Worst Mistakes Married People Make

There are a lot of amazing things about being married: knowing that you’ve chosen a partner for life, having a constant companion, and getting a forever teammate. But it’s also undeniable that even the most incredible marriage is not free of challenges. Some of the obstacles you’ll encounter are completely out of your control (health crises, job loss, and family dynamics, just to name a few), but many are totally avoidable if you know what to look for. Ahead, find out what relationship experts say are the most common mistakes they see married couples making, plus how to dodge them.

1. Taking Each Other for Granted

Listen up, because this is a big one, people. “Couples get so comfortable with one another that they stop noticing and appreciating all that their partner does for them and the relationship,” says Rhonda Milrad, LCSW, relationship therapist and founder of online relationship community, Relationup. “More importantly, they stop acknowledging and expressing gratitude for their partner’s efforts.” So next time your spouse does something nice for you, know that a simple ‘thank you’ can go a long way.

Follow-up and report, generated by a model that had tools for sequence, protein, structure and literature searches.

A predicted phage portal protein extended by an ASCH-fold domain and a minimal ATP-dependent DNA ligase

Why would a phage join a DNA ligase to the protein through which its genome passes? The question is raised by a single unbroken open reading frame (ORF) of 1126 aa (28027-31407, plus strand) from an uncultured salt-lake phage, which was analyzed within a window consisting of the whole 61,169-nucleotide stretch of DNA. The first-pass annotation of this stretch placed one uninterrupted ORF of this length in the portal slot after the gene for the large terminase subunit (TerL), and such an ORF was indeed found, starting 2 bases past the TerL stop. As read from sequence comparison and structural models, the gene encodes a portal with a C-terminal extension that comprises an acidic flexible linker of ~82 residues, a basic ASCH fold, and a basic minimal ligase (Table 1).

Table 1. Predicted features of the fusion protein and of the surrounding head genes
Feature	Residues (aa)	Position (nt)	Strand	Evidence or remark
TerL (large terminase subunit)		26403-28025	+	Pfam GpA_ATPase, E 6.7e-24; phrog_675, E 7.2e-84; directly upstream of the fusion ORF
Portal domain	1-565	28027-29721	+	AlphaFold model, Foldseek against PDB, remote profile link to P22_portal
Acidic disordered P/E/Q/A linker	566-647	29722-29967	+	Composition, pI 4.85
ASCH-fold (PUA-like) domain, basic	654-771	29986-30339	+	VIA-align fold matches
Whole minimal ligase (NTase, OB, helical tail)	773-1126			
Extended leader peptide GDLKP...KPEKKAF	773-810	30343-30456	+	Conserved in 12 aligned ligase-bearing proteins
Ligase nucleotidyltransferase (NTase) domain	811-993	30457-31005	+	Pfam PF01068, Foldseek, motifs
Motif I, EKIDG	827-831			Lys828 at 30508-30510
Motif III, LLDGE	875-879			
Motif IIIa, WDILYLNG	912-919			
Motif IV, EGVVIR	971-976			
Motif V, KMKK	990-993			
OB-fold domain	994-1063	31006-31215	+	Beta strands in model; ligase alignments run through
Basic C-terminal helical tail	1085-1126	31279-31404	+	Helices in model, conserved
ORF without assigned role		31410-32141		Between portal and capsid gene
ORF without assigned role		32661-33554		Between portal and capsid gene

2. Not Saving Money Together

It’s no secret that cash is often a subject of contention in marriages, but some of the friction around money can be solved by simply saving more of it. “Money is an integral part of a marriage and it is very tempting to jump into the ‘married lifestyle’ with nice cars, a nice home and nice vacations instead of building up your emergency fund and saving enough for retirement,” notes Scott Carroll, M.D., author of Don’t Settle: How to Marry the Man You Were Meant For. Make saving a priority from the beginning for less stress down the road.

3. Spending More Time Planning the Wedding Than The Marriage

Planning a wedding is fun, but planning your actual marriage is way more important. “Couples don’t talk about their future goals, how they’ll handle issues like finances or in-laws, and they don’t create a plan to work together,” points out Amy Morin, psychotherapist, lecturer at Northeastern University, and author. Instead of focusing all your energy on the act of getting married, spend some time talking about what happens afterwards, too.

4. Undermining Each Other